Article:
As the commons registration authority for North Lincolnshire, we are responsible for maintaining and updating the register of commons and village greens for the area.
- We update the registers when ownership of common rights change, or where rights are apportioned (although the circumstances in which we can amend the registers are limited)
- We amend the registers when we are notified by the Land Registry of changes in ownership of land and we can amend the registers in some instances to show changes in address
- We are responsible for registering new village greens
- We also carry out searches of the registers.
This includes updating the registers when ownership or common rights change, or where rights are apportioned. We amend the registers when we are notified by the Land Registry of changes in ownership of land and we can amend the registers in some instances to show changes in address. We are also responsible for registering 'new' village greens.
The registers are available for public inspection on Mondays to Fridays (except public holidays) between the hours of 9.30am and 4pm.
What information is in the Registers?
Each area of common land or town or village green listed in the Registers has a unique 'Unit Number'. The prefix ‘CL’ indicates common land, whereas ‘VG’ indicates a town or village green.
Each registration is divided into three sections showing details of:
- Land - this includes a description of the land, who registered it and when the registration became finally registered. There are also related plans which show the boundaries of the land
- Rights - this includes a description of the rights of common (ie the right to graze 100 sheep), over which area of the common they are exercisable, and the name of the person (the 'commoner') who holds those rights
- Ownership - this includes details of owners of the land. However, entries in this section of the registers are not held to be conclusive.
What is common land?
Common land is land, usually in private ownership, that has rights of common over it.
There are generally six recognised rights of common:
- Grazing sheep or cattle (herbage)
- Taking peat or turf (turbary)
- Taking wood, gorse or furze (estovers)
- Taking of fish (piscary)
- Eating of acorns or beechmast by pigs (pannage)
- The right to take sand, gravel, stone and minerals (common in the soil).
Members of the public now have a right of access on foot to nearly all Registered Common Land areas under rights bestowed through the Countryside and Rights of Way Act 2000. This access on foot is in addition to any public rights of way across the common, or any other existing rights. However, there are still some commons which are excluded from the new rights of access, including those in private gardens.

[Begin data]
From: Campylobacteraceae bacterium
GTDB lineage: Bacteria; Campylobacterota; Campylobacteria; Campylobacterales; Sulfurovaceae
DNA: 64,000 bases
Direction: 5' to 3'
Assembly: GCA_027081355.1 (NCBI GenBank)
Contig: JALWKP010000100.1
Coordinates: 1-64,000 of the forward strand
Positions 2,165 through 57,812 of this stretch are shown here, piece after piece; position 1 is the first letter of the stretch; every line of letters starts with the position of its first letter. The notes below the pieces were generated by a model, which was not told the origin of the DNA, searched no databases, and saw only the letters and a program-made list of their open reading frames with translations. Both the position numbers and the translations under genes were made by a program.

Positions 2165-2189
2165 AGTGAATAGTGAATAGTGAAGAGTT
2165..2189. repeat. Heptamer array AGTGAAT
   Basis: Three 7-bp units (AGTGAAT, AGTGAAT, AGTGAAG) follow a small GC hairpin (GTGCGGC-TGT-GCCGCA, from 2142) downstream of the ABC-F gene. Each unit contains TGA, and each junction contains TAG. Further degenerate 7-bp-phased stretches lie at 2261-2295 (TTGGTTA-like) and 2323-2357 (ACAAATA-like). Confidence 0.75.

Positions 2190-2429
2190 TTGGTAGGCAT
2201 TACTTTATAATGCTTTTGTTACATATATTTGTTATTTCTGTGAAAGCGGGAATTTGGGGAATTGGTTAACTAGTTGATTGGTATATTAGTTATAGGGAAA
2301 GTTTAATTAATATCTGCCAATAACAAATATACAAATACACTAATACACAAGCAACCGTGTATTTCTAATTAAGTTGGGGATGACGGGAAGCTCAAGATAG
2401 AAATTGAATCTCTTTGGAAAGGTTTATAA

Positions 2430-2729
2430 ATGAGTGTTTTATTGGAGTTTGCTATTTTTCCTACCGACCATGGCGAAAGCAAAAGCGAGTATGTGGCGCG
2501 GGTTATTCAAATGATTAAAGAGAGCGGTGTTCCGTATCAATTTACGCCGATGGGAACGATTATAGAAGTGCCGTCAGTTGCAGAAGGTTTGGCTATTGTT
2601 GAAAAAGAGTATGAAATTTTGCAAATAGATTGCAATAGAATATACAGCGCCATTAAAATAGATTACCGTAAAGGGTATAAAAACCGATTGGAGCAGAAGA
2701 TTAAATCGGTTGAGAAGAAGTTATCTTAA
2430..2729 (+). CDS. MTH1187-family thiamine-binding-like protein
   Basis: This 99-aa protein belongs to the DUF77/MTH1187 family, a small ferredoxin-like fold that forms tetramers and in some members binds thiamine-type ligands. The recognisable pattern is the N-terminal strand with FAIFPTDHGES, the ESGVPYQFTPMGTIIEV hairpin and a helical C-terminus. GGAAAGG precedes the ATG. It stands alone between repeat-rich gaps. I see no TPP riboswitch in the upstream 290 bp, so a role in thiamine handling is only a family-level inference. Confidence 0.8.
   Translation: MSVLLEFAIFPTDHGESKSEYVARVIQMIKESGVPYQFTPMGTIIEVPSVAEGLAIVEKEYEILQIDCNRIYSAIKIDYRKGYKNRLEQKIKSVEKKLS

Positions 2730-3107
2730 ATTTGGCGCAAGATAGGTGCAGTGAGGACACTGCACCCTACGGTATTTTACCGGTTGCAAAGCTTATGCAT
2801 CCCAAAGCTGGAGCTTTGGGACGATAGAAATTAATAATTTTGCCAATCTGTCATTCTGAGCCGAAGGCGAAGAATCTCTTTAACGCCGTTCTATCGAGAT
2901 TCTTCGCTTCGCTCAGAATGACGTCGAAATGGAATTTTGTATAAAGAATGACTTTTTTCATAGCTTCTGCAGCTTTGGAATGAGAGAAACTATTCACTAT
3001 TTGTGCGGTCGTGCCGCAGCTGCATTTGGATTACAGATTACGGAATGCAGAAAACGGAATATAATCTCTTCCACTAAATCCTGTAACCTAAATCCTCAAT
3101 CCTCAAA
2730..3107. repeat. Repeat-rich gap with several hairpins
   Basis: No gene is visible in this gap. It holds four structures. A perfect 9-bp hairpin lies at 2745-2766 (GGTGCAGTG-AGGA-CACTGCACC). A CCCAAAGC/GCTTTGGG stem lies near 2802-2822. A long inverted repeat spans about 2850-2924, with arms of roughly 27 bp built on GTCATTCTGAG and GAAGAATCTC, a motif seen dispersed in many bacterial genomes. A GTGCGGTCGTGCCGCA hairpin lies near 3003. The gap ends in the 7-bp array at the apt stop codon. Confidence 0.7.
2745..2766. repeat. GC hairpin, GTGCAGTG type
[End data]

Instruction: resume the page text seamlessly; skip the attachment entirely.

The then Countryside Agency, have published conclusive maps for all areas showing the land (including commons) to which the public have access and the new open access rights are now in operation in all regions subject to any short or long term restrictions that may apply. More details about these access rights are available from the Open Access website administered by Natural England.
What is a town or village green?
Town or village greens share a similar history to common land. However, they are defined separately for the purposes of the Commons Act 2006. Village greens are usually areas of land within defined settlements or geographical areas which local people can go on to for the exercise of lawful sports and pastimes. Typically, these might include organised or ad-hoc games, picnics, fetes and other similar activities. Whilst land forming town or village greens may be privately owned, many greens are owned and maintained by local parish or community councils. Some greens may also have rights of common (for example; grazing of livestock) over them.
Applications for registration of a common or green can be made by virtue of section 15 of the Commons Act 2006.
To register a new village green you must prove that:
- The land is mainly used by ‘inhabitants of the locality’
- It is used for ‘lawful sports and pastimes’
- It has been used without the permission of the landowner, but without force or secrecy
- That it has been used as such for at least 20 years.
The application must be made using ‘Form 44’, which can be found on the Defra website, or by selecting the PDF document below.
You will also need to provide an appropriate map delineating the boundaries of the proposed village green, and any evidence in support of the claim. Any applications should be sent for the attention of Naomi Boyd, Environment Team, Church Square House, PO Box 42, Scunthorpe, North Lincolnshire, DN15 6XQ
Once your application has been lodged, if it is considered to be validly made, then it will be advertised and an objection period of six-weeks will be given. It may then be necessary to hold an informal hearing to determine your application.
If you have any further queries regarding commons or village greens, please contact Naomi Boyd email@example.com or Colin Wilkinson firstname.lastname@example.org.
Tel: 01724 297000
Note: The above document is in Portable Document Format (PDF). You will need a suitable reader to view it. A reader can be downloaded free from the Adobe Website (full instructions for downloading the reader are provided on the site).